It’s not a simple task to point out the one philosopher who can be defined as the shining example of Stoic wisdom. Though, Stoicism is not an ideology and it doesn’t require sages to lead it. All Stoics would agree that the teaching is what matters, not a representation of the sage or the worship of idols.
In the early beginnings of Stoic philosophy Zeno of Citium, the founder of the Stoic school was deeply influenced by a certain philosopher who wasn’t a Stoic himself. When Zeno came to Athens around 315 – 313 BC, he read Xenocrates’ work “Memories of Socrates” and Plato’s “Defense of Socrates”. Later he was amazed by Socrates’ firmness of character.
Zeno believed that Crates, who was a cynic philosopher, had the most resemblance to Socrates. This is why Zeno became his student. Soon after, around 300 BC Zeno founded his own school, where the Socrates’ legacy continued to live.
The Stoic sage is not a Stoic philosopher at all, but rather Socrates. Even in the late Stoic period, in the philosophy of Epictetus, Socrates’ influence didn’t fade. It is worth mentioning that Epictetus explicitly mentions Socrates 77 times in Discourses, and in Enchiridion 7 times.
Below, I’ll quote some of Epictetus’ thoughts on Socrates, in them you’ll find how much influence Socrates truly had over the stoic:
But that which is great and superior perhaps belongs to Socrates and such as are like him. – Discourses
In this quote Epictetus refers to the Reason which improves our character. Socrates’ mind was still, yet dynamic. He could pierce through other minds with ease, letting them face the difficulty of reflection. His aim was to make you think for yourself – which is the ideal Stoics strive to accomplish..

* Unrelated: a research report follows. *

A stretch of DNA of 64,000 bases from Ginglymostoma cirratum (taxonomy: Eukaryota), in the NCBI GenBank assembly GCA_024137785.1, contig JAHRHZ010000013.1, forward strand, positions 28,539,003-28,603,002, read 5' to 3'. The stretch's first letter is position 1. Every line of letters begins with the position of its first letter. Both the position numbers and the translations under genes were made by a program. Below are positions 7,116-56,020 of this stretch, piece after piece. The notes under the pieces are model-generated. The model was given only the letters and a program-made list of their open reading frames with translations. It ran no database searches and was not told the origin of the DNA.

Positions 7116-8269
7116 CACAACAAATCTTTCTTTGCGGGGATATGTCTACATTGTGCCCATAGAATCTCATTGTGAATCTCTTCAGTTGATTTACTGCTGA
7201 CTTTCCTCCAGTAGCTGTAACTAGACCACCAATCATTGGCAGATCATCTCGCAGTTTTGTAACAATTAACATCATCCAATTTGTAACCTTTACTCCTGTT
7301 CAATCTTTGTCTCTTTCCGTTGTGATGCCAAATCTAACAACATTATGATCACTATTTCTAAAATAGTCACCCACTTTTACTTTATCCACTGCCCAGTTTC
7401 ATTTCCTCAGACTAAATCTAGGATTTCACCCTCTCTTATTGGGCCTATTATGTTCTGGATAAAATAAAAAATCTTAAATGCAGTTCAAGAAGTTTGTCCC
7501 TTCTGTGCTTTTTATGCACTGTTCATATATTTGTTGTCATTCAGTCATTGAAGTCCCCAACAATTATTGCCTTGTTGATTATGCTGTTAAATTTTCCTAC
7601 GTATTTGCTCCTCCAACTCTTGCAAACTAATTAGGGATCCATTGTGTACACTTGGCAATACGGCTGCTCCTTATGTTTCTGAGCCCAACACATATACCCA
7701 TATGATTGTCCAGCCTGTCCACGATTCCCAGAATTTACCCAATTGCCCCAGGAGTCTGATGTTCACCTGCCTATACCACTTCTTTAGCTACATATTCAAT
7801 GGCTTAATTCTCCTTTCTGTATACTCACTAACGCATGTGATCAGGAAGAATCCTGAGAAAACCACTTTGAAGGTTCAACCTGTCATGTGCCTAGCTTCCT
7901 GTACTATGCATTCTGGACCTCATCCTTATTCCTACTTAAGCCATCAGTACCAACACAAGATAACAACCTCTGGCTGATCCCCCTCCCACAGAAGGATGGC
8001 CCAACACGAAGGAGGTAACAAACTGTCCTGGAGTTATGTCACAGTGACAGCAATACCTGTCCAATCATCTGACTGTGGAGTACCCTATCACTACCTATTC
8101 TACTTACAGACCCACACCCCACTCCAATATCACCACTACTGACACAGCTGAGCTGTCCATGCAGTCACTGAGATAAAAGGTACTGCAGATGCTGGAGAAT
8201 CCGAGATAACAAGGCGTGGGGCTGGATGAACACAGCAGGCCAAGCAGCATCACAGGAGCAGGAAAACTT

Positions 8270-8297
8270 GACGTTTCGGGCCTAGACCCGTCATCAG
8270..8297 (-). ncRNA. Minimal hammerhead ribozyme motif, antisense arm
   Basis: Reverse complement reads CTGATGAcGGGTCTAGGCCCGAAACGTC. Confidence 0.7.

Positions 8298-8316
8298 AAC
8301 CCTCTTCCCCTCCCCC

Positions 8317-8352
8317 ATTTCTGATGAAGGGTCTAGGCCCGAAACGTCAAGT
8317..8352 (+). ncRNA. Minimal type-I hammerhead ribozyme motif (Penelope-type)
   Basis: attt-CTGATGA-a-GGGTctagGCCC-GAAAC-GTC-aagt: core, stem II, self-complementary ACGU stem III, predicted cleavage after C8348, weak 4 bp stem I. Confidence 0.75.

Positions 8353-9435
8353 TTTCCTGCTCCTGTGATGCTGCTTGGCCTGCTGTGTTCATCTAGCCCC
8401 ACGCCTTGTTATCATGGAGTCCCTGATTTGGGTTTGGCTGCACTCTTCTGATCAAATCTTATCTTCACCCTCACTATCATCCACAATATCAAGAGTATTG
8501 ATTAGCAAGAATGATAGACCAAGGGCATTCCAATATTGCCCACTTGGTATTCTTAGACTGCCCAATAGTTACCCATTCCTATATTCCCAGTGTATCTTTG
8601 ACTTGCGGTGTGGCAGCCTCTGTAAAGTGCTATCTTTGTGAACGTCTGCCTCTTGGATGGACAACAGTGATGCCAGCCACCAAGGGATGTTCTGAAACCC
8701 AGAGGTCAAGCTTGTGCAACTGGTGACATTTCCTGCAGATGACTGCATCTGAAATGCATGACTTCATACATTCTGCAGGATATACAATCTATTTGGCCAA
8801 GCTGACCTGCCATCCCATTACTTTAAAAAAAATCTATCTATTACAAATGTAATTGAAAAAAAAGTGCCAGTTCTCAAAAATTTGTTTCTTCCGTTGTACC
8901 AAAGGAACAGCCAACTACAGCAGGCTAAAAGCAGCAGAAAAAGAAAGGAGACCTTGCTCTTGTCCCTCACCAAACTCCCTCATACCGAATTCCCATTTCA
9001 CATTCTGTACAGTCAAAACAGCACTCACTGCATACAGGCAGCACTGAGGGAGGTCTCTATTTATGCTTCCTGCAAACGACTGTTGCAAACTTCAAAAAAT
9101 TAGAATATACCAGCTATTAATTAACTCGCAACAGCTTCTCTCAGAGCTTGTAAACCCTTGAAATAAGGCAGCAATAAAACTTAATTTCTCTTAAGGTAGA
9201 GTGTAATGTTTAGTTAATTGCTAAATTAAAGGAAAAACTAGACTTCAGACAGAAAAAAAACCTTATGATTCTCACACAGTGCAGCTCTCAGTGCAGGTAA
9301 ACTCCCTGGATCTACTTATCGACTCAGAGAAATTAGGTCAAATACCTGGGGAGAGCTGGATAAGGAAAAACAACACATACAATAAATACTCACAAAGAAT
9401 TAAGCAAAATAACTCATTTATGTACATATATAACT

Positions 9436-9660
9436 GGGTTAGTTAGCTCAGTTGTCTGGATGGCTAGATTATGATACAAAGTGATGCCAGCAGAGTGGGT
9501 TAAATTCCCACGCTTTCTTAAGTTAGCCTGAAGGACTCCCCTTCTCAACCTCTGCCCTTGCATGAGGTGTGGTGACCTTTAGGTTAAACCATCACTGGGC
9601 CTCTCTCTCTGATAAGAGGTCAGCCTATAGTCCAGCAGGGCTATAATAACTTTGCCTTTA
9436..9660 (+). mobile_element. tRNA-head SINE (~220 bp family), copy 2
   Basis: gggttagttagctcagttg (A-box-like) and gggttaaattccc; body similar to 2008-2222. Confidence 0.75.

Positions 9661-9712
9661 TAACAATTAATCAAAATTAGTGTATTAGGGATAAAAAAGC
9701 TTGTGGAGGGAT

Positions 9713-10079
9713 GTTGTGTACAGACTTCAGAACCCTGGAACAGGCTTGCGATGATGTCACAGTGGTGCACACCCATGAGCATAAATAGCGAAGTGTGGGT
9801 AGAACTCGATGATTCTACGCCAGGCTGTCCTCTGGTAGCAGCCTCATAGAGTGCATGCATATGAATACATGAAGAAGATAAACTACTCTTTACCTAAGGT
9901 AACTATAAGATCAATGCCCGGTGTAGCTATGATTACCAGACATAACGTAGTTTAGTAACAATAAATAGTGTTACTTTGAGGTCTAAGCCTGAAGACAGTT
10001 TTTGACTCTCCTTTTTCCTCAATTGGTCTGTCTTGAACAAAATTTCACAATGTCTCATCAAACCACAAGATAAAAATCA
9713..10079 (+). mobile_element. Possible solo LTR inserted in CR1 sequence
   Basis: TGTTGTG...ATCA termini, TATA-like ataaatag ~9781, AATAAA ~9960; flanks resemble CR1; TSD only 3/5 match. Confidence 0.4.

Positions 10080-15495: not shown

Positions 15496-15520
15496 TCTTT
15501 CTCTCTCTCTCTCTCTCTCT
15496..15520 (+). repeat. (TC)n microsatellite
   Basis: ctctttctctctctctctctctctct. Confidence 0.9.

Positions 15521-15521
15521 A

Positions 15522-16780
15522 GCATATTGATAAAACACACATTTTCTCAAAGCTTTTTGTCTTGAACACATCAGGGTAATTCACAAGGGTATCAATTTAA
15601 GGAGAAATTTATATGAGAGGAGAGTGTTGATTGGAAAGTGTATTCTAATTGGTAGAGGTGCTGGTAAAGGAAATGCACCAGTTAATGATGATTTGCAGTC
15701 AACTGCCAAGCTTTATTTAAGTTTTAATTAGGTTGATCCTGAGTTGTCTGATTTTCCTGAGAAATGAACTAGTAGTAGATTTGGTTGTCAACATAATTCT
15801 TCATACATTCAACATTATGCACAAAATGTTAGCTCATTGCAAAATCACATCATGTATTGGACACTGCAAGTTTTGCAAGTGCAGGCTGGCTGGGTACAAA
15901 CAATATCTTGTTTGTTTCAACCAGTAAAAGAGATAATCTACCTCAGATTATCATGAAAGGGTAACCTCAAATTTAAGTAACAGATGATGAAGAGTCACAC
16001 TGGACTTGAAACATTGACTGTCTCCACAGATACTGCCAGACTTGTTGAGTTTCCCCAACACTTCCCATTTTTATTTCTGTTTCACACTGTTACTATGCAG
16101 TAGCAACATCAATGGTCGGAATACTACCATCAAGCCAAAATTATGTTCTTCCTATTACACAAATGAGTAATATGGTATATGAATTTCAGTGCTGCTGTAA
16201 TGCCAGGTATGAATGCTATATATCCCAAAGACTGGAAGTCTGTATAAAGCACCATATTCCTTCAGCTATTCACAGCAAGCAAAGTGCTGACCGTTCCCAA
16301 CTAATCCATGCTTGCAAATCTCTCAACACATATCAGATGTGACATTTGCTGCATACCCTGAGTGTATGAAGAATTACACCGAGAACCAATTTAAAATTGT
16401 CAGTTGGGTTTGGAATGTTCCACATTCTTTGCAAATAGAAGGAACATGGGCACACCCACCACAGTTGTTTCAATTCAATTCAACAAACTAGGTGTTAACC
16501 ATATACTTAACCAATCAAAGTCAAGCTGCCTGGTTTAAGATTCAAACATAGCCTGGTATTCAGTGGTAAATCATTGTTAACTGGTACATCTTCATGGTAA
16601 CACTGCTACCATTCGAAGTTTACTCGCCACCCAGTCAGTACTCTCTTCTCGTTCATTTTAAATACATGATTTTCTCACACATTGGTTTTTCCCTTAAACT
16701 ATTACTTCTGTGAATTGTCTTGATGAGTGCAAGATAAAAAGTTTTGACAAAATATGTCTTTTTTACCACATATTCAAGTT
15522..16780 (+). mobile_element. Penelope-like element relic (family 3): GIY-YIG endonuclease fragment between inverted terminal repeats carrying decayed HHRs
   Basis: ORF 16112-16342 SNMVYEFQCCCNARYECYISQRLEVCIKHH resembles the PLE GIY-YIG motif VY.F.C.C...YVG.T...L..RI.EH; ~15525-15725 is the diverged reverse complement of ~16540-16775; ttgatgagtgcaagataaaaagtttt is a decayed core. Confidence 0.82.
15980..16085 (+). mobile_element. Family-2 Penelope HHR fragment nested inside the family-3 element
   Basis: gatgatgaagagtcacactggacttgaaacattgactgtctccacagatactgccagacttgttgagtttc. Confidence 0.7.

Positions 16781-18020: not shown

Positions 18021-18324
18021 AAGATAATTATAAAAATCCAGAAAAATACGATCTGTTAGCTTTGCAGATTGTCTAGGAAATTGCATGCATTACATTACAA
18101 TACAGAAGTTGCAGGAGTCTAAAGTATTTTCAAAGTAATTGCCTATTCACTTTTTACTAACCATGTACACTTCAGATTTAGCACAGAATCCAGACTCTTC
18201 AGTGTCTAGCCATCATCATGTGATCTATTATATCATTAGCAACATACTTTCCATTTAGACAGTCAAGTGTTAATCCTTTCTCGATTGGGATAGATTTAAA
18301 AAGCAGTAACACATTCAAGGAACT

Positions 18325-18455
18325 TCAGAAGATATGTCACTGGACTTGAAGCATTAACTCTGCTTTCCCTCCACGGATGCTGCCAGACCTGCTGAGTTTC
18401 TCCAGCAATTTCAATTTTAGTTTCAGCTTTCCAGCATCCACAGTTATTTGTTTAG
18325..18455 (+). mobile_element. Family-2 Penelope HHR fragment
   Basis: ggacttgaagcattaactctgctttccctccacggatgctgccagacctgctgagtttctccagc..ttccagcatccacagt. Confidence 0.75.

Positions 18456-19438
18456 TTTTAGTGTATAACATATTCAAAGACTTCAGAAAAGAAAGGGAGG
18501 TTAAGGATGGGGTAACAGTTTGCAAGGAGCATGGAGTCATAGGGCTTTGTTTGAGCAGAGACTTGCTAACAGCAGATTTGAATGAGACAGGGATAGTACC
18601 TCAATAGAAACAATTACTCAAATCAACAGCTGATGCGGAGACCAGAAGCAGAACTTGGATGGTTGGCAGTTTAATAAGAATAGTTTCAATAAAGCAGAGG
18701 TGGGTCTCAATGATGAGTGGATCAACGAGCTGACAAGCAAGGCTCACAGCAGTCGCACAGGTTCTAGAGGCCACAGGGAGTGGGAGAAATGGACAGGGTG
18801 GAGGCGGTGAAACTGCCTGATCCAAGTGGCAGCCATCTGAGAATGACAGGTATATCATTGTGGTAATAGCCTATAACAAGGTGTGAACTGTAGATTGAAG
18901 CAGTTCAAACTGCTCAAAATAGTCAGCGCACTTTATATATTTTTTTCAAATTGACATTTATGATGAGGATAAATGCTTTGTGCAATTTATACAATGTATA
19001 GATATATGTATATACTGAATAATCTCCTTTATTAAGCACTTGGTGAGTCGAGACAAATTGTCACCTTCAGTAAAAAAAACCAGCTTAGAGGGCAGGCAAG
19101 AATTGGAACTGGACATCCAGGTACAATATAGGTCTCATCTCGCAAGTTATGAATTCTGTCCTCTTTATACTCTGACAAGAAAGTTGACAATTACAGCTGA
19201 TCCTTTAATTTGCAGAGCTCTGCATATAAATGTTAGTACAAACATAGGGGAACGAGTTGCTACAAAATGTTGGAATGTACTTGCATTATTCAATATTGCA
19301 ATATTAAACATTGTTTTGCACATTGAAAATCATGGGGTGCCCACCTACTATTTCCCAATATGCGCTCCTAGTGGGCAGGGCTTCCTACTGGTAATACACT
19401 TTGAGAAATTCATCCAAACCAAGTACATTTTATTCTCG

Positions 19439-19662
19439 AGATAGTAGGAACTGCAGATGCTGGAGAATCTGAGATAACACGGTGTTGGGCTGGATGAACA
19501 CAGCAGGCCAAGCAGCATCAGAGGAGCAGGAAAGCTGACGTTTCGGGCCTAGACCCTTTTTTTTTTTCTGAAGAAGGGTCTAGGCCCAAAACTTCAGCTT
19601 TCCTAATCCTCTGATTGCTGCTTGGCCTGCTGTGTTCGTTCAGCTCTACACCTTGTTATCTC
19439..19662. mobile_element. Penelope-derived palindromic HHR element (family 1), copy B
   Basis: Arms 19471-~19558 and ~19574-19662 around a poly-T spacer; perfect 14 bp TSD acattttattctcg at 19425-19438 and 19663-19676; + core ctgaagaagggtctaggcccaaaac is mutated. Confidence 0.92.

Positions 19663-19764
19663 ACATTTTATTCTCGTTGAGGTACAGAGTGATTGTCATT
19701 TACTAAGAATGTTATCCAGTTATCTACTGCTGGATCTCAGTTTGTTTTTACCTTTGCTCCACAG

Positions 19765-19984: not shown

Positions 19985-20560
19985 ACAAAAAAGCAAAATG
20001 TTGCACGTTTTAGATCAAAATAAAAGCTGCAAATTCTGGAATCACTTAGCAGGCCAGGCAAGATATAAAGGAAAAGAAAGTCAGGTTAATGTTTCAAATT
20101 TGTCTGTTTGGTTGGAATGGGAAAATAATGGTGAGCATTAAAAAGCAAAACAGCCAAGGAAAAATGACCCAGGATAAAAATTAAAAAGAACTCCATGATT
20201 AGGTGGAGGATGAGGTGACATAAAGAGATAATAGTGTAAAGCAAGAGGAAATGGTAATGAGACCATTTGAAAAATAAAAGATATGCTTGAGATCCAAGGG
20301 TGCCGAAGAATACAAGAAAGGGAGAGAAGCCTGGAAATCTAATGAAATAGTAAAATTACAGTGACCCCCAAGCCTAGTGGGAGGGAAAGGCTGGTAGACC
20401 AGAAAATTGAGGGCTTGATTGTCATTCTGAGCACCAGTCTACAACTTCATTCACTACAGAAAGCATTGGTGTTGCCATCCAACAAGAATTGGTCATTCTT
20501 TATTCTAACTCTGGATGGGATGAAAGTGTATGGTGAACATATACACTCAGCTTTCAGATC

So Socrates was not in prison, for he was there willingly. – Discourses
Again, Epictetus reminds us that freedom isn’t the one of the body, but rather that of the mind.
Did Socrates persuade all his hearers to take care of themselves? Not the thousandth part. – Discourses
I’d like to say something about this one too. Here, Epictetus suggests that the attempt to persuade someone misses the point of education. Because one should be able to come to conclusions by listening to one’s own mind.
When you are going to meet with any person, and particularly one of those who are considered to be in a superior condition, place before yourself what Socrates or Zeno would have done in such circumstances, and you will have no difficulty in making a proper use of the occasion. – Enchiridion
Here, Epictetus suggests we associate our state of mind with that of Socrates’ and of Zeno’s. We must understand that reason is universal, and as a free man exercises it freely.
Socrates in this way became perfect, on all things improving himself, attending to nothing except to reason. But you, though you are not yet Socrates, you ought to live as one who wishes to be a Socrates. – Enchiridion
The last quote is worth examining. Epictetus was amazed with how Socrates improved himself just by listening to his reason. And this is clear because Socrates’ influence is visible in all stages of the Stoic periods (early, middle and late).
This leads to another question, why was Socrates that important to Epictetus and the other Stoics like Zeno?
The Answer lies in the similarity of principle which is – Reason.
Marcus Aurelius also mentions Socrates in his Meditations, but not as often as Epictetus. One of the quotes alludes to how impotent the general population’s opinions are.
Socrates called the opinion of the commoners the scarecrows which children are afraid of. – Marcus Aurelius
All in all, we examined what a Stoic sage would look like. In Stoic terms, that was Socrates in most cases, he was the powerful hidden influencer. What Epictetus and Marcus Aurelius respected in Socrates was his self-control and reason. Those were the true tenants that drove the philosophy towards its full development.